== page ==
What does Acts 5:12 mean?
ESV: Now many signs and wonders were regularly done among the people by the hands of the apostles. And they were all together in Solomon’s Portico.
NIV: The apostles performed many signs and wonders among the people. And all the believers used to meet together in Solomon's Colonnade.
NASB: At the hands of the apostles many signs and wonders were taking place among the people; and they were all together in Solomon’s portico.
CSB: Many signs and wonders were being done among the people through the hands of the apostles. They were all together in Solomon's Colonnade.
NLT: The apostles were performing many miraculous signs and wonders among the people. And all the believers were meeting regularly at the Temple in the area known as Solomon’s Colonnade.
KJV: And by the hands of the apostles were many signs and wonders wrought among the people; (and they were all with one accord in Solomon's porch.
Despite the Sanhedrin's orders not to teach or speak in Jesus' name (Acts 4:18), the apostles continue their ministry right next to the temple. The temple mount is surrounded by covered walkways called porticos. They are popular places for rabbis to teach their students, and anyone else happening by who is interested. It's safe to say none of the other teachers had such a healing ministry. Jesus had said the disciples would do greater works than He (John 14:12), meaning in scale, not power. Now, in order to validate their message, the Holy Spirit has so empowered the apostles that apparently even Peter's shadow can heal (Acts 5:15).
Hebrews 2:4 recounts this part of the apostles' ministry. The Holy Spirit attested to the apostles' ministry "by signs and wonders and various miracles." Hebrews 2:1–3 explains why these miracles are important. At the time, they drew people to a saving faith in Jesus. Later, they acted as a reminder of how deserving we are of retribution for our sins and how we should not "drift away" from the message of Jesus' gift of salvation.
Faith should never be dependent on signs, however (John 2:23–25; 4:48). After Thomas finally saw Jesus and affirmed His identity, Jesus said, "Have you believed because you have seen me? Blessed are those who have not seen and yet have believed" (John 20:29). It's unclear why the Holy Spirit allows the church to grow through the healing of the sick and demon possessed. Possibly because before long, persecution would drive the Jesus-followers out of Jerusalem (Acts 8:1–3) and the powerful signs would keep them encouraged as they spread the gospel.
Acts 5:12–16 gives a short update of the state of the early church in Jerusalem. The first chapters of Acts alternate between highlights of the activities of the apostles and short summaries of indefinite periods of time. As in Acts 2:43–47 and Acts 4:32–35, Luke glosses over the events here. People are a little leery because of Peter and John's arrest by the Sanhedrin (Acts 4:1–22) and God's immediate judgment of Ananias and Sapphira (Acts 5:1–11), but both the miracles and the message are irresistible. Even more people come to saving faith in Jesus.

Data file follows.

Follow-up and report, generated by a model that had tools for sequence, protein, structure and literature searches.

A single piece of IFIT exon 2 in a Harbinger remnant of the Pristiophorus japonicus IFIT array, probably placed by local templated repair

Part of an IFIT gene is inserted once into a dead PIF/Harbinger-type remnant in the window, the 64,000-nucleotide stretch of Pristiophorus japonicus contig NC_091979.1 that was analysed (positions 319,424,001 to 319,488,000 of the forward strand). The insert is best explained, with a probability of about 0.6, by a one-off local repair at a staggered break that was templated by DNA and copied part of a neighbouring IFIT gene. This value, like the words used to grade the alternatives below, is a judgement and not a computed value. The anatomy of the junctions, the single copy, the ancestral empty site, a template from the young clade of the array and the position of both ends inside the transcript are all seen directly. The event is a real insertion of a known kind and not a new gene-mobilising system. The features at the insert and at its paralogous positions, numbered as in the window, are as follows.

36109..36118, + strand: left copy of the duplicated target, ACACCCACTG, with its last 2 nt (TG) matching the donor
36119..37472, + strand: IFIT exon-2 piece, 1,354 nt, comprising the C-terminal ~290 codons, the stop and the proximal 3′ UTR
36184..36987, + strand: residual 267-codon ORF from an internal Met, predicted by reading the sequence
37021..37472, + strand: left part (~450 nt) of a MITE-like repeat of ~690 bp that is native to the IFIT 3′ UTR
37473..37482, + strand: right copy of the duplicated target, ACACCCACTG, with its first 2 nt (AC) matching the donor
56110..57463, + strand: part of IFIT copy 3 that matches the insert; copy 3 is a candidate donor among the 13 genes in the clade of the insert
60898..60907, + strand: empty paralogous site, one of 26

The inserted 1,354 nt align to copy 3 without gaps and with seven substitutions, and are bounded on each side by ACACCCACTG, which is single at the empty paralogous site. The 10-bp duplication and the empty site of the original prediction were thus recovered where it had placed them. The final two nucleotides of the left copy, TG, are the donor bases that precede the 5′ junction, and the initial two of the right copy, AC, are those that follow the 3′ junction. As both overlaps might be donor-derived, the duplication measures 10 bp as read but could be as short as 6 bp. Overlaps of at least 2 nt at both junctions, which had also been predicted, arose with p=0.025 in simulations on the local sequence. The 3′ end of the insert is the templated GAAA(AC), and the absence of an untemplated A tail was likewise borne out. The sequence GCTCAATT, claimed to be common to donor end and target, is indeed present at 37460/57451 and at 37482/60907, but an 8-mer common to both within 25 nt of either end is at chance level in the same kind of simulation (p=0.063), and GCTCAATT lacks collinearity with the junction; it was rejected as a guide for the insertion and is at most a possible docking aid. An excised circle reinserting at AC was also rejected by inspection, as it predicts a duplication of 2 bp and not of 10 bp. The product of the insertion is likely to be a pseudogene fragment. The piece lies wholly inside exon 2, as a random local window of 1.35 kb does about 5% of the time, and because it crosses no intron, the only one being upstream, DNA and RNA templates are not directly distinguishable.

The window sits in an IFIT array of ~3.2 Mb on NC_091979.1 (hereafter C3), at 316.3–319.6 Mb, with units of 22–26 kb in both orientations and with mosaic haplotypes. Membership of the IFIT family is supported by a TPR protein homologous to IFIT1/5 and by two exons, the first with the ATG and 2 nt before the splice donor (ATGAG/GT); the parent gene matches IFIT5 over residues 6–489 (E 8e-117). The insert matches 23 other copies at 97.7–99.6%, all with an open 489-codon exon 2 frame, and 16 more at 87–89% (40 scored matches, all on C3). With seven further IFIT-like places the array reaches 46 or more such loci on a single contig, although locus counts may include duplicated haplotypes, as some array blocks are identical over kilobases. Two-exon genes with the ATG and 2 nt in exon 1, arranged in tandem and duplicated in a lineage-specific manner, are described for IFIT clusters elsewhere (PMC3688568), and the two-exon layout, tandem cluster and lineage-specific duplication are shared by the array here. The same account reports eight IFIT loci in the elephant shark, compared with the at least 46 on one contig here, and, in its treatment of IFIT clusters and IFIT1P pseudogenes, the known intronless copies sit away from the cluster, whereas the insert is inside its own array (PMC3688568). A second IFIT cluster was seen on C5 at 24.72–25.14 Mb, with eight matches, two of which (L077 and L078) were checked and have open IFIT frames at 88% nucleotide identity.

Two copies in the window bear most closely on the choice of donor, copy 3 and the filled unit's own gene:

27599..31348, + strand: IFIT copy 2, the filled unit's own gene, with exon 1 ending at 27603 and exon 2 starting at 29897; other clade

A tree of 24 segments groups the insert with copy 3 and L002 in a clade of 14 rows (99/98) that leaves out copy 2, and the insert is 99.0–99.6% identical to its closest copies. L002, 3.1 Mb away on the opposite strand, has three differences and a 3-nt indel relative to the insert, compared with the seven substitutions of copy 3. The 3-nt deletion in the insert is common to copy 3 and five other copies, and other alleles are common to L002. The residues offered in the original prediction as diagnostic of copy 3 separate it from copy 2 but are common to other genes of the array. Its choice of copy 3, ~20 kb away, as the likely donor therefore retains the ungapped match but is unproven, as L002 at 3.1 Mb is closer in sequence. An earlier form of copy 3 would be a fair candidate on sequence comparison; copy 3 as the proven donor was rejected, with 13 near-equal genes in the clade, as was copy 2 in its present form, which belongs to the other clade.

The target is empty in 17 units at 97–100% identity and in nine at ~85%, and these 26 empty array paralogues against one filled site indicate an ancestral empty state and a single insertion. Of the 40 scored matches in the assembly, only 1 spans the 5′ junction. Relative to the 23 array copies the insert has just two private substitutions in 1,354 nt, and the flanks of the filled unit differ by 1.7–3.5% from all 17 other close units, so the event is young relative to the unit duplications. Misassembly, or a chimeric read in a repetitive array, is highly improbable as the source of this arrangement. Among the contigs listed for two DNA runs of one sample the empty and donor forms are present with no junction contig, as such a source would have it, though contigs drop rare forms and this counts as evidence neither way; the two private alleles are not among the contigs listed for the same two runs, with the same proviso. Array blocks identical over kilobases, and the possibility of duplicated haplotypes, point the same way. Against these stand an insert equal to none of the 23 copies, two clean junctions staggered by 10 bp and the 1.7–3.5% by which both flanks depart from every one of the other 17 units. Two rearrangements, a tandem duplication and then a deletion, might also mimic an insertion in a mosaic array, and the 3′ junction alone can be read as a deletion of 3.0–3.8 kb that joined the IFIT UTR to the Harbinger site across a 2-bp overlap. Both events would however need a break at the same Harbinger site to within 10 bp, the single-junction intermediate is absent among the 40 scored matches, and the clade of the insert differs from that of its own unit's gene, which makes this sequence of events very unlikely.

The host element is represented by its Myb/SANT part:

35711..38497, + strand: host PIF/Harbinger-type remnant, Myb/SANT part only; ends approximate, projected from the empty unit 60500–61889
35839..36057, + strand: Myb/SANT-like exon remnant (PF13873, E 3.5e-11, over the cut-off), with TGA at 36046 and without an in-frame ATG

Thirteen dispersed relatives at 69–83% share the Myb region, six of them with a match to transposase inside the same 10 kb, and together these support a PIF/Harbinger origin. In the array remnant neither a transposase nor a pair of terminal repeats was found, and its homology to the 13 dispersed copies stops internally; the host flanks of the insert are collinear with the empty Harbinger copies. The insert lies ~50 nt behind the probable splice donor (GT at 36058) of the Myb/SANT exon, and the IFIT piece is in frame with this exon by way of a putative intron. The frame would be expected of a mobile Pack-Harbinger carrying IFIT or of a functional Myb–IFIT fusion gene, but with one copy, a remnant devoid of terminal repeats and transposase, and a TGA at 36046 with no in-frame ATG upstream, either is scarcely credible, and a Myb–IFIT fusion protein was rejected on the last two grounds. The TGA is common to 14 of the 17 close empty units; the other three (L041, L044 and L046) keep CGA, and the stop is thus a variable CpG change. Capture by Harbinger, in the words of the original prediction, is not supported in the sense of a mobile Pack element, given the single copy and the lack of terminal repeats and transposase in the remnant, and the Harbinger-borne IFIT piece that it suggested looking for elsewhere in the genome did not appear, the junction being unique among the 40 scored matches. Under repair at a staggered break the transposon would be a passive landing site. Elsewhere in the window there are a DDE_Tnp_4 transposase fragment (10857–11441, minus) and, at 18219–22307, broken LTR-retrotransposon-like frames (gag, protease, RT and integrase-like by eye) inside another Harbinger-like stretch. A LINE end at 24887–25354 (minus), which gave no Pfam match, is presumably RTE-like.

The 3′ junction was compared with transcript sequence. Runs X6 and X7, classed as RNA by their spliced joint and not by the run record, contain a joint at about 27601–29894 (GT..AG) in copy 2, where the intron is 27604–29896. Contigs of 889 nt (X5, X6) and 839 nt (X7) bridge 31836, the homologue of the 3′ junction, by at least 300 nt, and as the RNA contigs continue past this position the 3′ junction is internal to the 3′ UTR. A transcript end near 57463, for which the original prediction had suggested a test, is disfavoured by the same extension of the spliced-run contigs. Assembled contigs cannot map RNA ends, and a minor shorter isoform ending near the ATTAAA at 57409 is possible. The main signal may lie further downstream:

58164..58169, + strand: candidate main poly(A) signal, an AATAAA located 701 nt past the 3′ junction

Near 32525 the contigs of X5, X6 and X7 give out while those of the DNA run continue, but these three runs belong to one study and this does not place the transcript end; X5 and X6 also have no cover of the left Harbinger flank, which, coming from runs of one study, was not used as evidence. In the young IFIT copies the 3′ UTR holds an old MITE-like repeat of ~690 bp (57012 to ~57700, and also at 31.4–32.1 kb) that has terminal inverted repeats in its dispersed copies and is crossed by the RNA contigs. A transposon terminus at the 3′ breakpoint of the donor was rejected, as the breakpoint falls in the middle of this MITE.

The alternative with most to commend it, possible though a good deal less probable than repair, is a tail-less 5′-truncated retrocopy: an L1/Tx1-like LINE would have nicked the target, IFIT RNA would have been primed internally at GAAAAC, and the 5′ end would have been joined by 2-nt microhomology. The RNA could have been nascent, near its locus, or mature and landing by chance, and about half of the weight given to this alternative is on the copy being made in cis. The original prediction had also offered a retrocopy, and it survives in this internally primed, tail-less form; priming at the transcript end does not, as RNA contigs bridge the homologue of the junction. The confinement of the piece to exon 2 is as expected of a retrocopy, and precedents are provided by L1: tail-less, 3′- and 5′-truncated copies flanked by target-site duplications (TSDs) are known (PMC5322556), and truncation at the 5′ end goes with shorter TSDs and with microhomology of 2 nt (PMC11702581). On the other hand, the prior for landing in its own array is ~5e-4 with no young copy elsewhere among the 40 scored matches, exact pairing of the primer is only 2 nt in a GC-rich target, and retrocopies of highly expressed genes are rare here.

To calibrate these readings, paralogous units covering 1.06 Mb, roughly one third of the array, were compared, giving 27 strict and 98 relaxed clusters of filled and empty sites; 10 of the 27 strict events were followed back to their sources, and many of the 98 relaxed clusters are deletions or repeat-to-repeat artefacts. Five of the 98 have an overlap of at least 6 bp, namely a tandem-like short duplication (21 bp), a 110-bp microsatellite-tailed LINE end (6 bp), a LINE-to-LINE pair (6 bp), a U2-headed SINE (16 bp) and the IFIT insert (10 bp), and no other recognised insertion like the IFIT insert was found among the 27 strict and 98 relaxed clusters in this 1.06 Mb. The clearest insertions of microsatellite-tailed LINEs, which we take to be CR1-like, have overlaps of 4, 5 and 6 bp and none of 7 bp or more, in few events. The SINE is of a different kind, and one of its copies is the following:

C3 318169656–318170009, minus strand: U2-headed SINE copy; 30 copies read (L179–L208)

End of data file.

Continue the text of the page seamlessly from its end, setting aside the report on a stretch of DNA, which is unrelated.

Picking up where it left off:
The apostles continue to make hard decisions in the name of Jesus, both inside and outside the church. When Ananias and Sapphira lie to God, the Holy Spirit inspires Peter to pronounce God's judgment on them, protecting the church from the love of the world. Despite the Sanhedrin's watchful eye—and direct orders (Acts 4:17–18)—the apostles continue to preach and heal openly. The guards arrest the apostles, but the Sanhedrin settles for beating them instead of capital punishment. The apostles consider it an honor to suffer on behalf of their Savior.
In Acts 5, persecution from unbelievers begins to accelerate. The Sanhedrin has become aware the apostles teach that Jesus rose from the dead (Acts 4). Now, they start to push back in earnest, arresting and beating the apostles. Soon, a mob will kill Stephen, a deacon (Acts 7:54–60), and the Sanhedrin will empower Saul to run down and arrest any Jesus-follower he can find (Acts 8:1–3). The apostles will stay in Jerusalem. Other Jesus-followers will carry His offer of forgiveness and reconciliation with God into the Roman Empire and beyond. The apostles' faithfulness and submission to the Holy Spirit is why we have the gospel message today.
The summary of the book of Acts is provided in Jesus' words in Acts 1:8: ''But you will receive power when the Holy Spirit has come upon you, and you will be my witnesses in Jerusalem and in all Judea and Samaria, and to the ends of the earth.'' In Acts 2:1–13, the Christ-followers receive the Holy Spirit. Acts 2:14—7:60 describes the rapid growth of the church in Jerusalem. Chapters 8—12 find Jewish persecution inadvertently spreading the gospel throughout Judea and Samaria. And in chapters 13—28, Paul and his companions spread the good news throughout the Roman Empire.
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